I never imagined that I would live in a small town. The most difficult adjustment was losing a sense of privacy. In Houston you can go out into the city and be alone, surrounded by strangers. In Iowa City and Oxford, that is impossible. Every time I leave the house I run into folks I know. I’m very conscious of being seen, being looked at. There is a responsibility to engage socially when I’m in the grocery store or the post office. I may never get used to it, though it’s been 13 years since I lived in Houston.
The tradeoff for that privacy is community. Oxford has a wonderful community of writers and creative people, which inspires me. There’s no shortage of smart folks to talk to, and it’s a very generous and talented group of people. I write well here. I live on some land outside of town, and it’s very peaceful and beautiful, which also helps my work. Mississippi does show up in my poems sometimes, but my next novel is set in another city, New Orleans.
What originally brought you to UH?
I grew up in Houston and left after high school for a couple of years. I moved back to Houston in 1997. When I decided to go back to school, UH was a natural choice. It was affordable, and my sister was a student there and loved it.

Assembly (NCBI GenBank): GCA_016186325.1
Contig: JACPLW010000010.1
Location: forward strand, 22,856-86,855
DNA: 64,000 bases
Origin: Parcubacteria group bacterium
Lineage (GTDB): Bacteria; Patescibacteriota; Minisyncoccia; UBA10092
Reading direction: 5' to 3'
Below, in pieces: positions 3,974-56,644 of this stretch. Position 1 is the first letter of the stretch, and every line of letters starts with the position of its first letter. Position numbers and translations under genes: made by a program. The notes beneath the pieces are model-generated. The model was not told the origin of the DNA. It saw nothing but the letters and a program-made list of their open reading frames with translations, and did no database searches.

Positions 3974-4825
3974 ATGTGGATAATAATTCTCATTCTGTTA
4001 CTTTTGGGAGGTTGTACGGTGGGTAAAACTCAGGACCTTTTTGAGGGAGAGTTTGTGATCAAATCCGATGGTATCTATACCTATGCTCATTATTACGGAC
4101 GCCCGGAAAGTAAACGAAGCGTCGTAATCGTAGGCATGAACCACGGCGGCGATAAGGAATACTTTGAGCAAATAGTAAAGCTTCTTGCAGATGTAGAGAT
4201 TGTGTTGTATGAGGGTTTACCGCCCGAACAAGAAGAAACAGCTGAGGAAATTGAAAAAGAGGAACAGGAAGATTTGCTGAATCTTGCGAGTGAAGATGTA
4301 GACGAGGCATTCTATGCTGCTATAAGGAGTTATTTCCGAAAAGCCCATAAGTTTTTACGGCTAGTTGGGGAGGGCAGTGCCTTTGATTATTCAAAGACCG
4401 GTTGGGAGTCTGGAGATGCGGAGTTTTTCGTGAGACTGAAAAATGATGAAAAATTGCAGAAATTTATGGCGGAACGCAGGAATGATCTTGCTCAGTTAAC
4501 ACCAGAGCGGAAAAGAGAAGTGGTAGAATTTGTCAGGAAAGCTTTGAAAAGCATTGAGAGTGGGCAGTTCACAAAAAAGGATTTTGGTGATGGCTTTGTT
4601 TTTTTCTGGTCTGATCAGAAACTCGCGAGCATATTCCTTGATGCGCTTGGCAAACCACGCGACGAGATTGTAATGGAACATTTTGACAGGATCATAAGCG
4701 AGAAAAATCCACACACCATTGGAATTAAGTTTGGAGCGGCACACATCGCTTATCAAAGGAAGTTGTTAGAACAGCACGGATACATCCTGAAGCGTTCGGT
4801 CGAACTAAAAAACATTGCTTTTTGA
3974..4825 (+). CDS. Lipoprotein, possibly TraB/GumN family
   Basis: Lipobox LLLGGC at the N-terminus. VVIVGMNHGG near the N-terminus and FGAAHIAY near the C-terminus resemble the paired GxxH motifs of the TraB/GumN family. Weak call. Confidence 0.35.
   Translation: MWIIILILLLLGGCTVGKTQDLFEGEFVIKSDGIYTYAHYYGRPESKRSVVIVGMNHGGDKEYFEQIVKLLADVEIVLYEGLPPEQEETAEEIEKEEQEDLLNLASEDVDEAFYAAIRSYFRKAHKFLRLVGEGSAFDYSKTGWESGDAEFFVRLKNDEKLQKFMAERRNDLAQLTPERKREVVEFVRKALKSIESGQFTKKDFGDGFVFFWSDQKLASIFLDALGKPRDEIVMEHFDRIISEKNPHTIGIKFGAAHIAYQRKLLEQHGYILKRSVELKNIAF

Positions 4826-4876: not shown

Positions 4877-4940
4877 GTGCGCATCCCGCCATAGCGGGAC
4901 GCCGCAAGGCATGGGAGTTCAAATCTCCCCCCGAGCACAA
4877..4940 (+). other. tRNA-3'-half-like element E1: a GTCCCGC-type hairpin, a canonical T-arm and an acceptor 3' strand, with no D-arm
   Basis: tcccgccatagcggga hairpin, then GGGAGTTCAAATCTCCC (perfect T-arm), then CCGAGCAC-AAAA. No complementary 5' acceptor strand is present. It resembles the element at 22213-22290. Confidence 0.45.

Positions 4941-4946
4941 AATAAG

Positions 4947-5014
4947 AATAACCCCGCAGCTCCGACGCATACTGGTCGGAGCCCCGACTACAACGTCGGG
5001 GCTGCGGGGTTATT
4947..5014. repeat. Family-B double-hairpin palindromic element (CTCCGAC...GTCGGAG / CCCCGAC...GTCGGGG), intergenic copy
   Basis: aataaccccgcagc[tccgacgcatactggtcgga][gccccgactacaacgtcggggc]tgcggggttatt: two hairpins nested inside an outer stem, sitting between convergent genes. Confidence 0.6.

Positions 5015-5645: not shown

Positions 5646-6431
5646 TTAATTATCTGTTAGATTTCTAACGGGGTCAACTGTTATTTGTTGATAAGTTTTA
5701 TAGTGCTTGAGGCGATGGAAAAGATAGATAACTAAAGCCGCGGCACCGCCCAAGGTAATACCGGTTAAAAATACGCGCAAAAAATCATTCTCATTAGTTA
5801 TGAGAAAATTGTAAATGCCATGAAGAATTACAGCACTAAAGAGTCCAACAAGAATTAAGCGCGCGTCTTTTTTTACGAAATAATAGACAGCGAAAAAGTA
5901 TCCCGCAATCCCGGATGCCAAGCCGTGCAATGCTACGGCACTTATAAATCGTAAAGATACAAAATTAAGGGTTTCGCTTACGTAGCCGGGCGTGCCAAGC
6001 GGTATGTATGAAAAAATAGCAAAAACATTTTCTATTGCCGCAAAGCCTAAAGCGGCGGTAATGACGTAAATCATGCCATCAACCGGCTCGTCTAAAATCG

How did your UH education shape your path as a writer and creative writing instructor?
I fell in love with poetry when I was there. And I met a bunch of enormously talented graduate students in the creative writing program. Two of them, the fiction writer Amber Dermont and the poet Michael Dumanis, were very influential in my decision to go to the Iowa Writers’ Workshop. I had the opportunity to work as an intern at Gulf Coast, to attend tons of readings and literary events. I was exposed to the possibilities of a writing life.
Did you have a favorite professor or class at UH, or any other favorite UH memories?
I had the opportunity to study with the poet Marie Howe while she was a visiting professor. She is an extraordinary writer and a wonderful, compassionate human being. Our workshop that semester was a rare and lovely thing: many of my classmates became friends, and we saw each other outside of class and continued to read one another’s poems. One student in that class wrote a beautiful poem that mentioned Taub Hall by name. That was a revelation to me, that art could be made about a dorm room, about the mundane things surrounding us. At the time it seemed to elevate experience, to transform it.
What advice would you share with UH students, or aspiring writers?
To aspiring writers, I would say read widely, and write every day. Practice. Don’t wait for inspiration. If you are doing the work, you will be available for great ideas when they show up. Don’t fret about writing badly, because you can always improve a piece through revision. Revision is crucial. Don’t allow your feelings about your writing to influence you too much — lots of writers alternate between thinking our work is terrible or brilliant. If you ignore those emotional responses and keep working, you will end up with something solid that you can be consistently proud of.